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originally posted by: TEOTWAWKIAIFF
a reply to: InTheLight
They tried the reset in 2007. It was dead for 2 years. The data wasn’t being collected (most likely) and if it was they could not transmit it back. The term used is “lost” but it is not because they could not find it but more like, “lost cause.”
At some point, for some unknown reason, it did reset! The guy looking for the spy satellite finds something. Like stated earlier, there’s lots of stuff up there. He found something but so what, what did he find (he was searching for a spy satellite). He checks other frequencies and the “dead” satellite is showing its ID to anybody passing by! Only he can’t decode the signal. The orbital mechanics tag it as the dead NASA satellite.
Now, they (NASA) are trying to see if they can communicate with it. The tech has changed so much it is difficult to do! And we wait.
Unless you don’t trust NASA to tell the truth!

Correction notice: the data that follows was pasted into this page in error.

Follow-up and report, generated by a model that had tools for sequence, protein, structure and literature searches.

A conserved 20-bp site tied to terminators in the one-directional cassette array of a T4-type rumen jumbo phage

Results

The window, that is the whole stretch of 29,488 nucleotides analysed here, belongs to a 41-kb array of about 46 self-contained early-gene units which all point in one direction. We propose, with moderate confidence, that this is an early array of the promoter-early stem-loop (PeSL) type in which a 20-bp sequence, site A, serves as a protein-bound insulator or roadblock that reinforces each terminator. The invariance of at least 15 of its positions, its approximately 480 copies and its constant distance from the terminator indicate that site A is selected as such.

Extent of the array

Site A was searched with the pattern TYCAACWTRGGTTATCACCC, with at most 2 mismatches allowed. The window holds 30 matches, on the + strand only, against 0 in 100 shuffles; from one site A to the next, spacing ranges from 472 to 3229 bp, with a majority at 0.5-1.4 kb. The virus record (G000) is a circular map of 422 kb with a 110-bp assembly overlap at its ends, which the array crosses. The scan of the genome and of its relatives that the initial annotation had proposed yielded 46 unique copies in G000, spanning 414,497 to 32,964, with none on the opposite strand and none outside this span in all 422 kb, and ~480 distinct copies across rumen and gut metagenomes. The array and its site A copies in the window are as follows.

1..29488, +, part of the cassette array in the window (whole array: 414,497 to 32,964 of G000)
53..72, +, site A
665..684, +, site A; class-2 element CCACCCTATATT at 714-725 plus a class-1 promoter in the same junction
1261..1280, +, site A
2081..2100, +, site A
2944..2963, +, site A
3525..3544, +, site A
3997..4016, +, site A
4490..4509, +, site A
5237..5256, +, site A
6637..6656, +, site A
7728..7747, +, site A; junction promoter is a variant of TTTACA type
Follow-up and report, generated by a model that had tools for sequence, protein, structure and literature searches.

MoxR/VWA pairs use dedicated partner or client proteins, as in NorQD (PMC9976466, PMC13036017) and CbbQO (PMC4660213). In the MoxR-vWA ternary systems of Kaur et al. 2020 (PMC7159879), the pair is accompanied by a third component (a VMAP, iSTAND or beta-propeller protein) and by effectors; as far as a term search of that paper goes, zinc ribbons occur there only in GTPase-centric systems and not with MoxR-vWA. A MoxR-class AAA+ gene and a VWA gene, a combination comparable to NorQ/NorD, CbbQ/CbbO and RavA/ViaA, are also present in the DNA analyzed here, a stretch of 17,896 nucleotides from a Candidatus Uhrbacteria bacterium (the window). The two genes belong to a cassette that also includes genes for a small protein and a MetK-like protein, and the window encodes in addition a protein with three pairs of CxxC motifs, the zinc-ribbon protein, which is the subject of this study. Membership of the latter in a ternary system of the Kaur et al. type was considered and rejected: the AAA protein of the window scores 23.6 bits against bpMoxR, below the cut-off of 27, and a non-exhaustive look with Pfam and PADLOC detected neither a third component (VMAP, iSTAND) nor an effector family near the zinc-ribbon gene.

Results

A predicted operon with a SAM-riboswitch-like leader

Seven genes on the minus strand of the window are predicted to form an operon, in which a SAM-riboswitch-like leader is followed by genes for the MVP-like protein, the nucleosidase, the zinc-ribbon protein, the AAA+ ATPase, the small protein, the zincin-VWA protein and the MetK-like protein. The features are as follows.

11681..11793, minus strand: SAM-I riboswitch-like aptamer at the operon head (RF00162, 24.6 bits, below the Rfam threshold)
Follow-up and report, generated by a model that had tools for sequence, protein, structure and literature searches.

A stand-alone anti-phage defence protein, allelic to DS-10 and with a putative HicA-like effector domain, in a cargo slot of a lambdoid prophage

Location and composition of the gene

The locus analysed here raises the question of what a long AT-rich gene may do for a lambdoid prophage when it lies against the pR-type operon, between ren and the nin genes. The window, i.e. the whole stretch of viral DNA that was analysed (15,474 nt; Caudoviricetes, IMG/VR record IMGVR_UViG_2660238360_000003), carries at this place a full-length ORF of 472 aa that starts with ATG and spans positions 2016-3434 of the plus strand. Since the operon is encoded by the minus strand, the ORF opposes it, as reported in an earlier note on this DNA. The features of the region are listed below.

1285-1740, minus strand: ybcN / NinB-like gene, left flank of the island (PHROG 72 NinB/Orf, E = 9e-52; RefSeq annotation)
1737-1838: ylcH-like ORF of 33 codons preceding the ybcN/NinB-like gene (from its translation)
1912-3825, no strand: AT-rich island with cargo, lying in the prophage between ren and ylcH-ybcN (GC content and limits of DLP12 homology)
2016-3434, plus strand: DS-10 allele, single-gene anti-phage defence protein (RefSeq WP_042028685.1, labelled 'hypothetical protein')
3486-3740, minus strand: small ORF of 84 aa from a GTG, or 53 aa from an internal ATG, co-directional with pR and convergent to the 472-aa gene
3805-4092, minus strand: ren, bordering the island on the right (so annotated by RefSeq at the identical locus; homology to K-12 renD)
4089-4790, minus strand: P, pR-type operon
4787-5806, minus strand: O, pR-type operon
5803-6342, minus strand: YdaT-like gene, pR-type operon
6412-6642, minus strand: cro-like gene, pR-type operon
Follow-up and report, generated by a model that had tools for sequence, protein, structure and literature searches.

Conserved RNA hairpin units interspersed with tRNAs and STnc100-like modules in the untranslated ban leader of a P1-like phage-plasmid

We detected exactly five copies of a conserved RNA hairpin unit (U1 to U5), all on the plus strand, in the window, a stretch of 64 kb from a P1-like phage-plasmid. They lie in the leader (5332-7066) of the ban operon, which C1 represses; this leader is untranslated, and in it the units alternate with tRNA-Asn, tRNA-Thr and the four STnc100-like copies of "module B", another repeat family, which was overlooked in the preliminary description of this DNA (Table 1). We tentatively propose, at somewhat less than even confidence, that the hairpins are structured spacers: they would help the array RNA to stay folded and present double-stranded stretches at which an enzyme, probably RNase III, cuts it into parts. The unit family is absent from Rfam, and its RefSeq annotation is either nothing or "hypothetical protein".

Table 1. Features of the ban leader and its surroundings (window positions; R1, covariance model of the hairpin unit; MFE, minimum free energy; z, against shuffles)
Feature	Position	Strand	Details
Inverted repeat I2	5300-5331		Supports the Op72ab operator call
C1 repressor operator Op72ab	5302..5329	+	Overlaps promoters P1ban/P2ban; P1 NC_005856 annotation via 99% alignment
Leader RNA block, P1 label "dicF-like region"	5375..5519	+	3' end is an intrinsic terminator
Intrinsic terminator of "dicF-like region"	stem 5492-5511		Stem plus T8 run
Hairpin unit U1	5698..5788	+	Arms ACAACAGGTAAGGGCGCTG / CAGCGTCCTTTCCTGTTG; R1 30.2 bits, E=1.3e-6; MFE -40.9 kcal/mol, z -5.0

The software for IMAGE was stored on an old data tape that would be unreadable for any modern hardware. But NASA is a partner (with the ESA) on the Solar and Heliospheric Observatory (SOHO) spacecraft, which has now been in operation for more than 20 years. Thanks to its vintage nature, the SOHO team has a tape drive that can read the four millimeter cassette that holds IMAGE's software.
The data that NASA has read so far suggests that IMAGE's reawakening is even more unexpected than we thought. IMAGE had been built with two sets of redundant hardware (termed A and B), which rescued it back in 2004. Late that year, it suffered a power system reboot; when communication was restored, IMAGE had switched over to the B set of hardware and continued to use that until it dropped communication entirely. Now, IMAGE appears to be back on the A set.
So far, NASA has only checked out the satellite's housekeeping systems. But the agency says that the next step is to attempt to revive the craft's science instruments and determine how many of those are operational. Once it knows what data IMAGE might collect, it'll convene a panel to figure out whether the data can be used to do valuable science on a very small budget.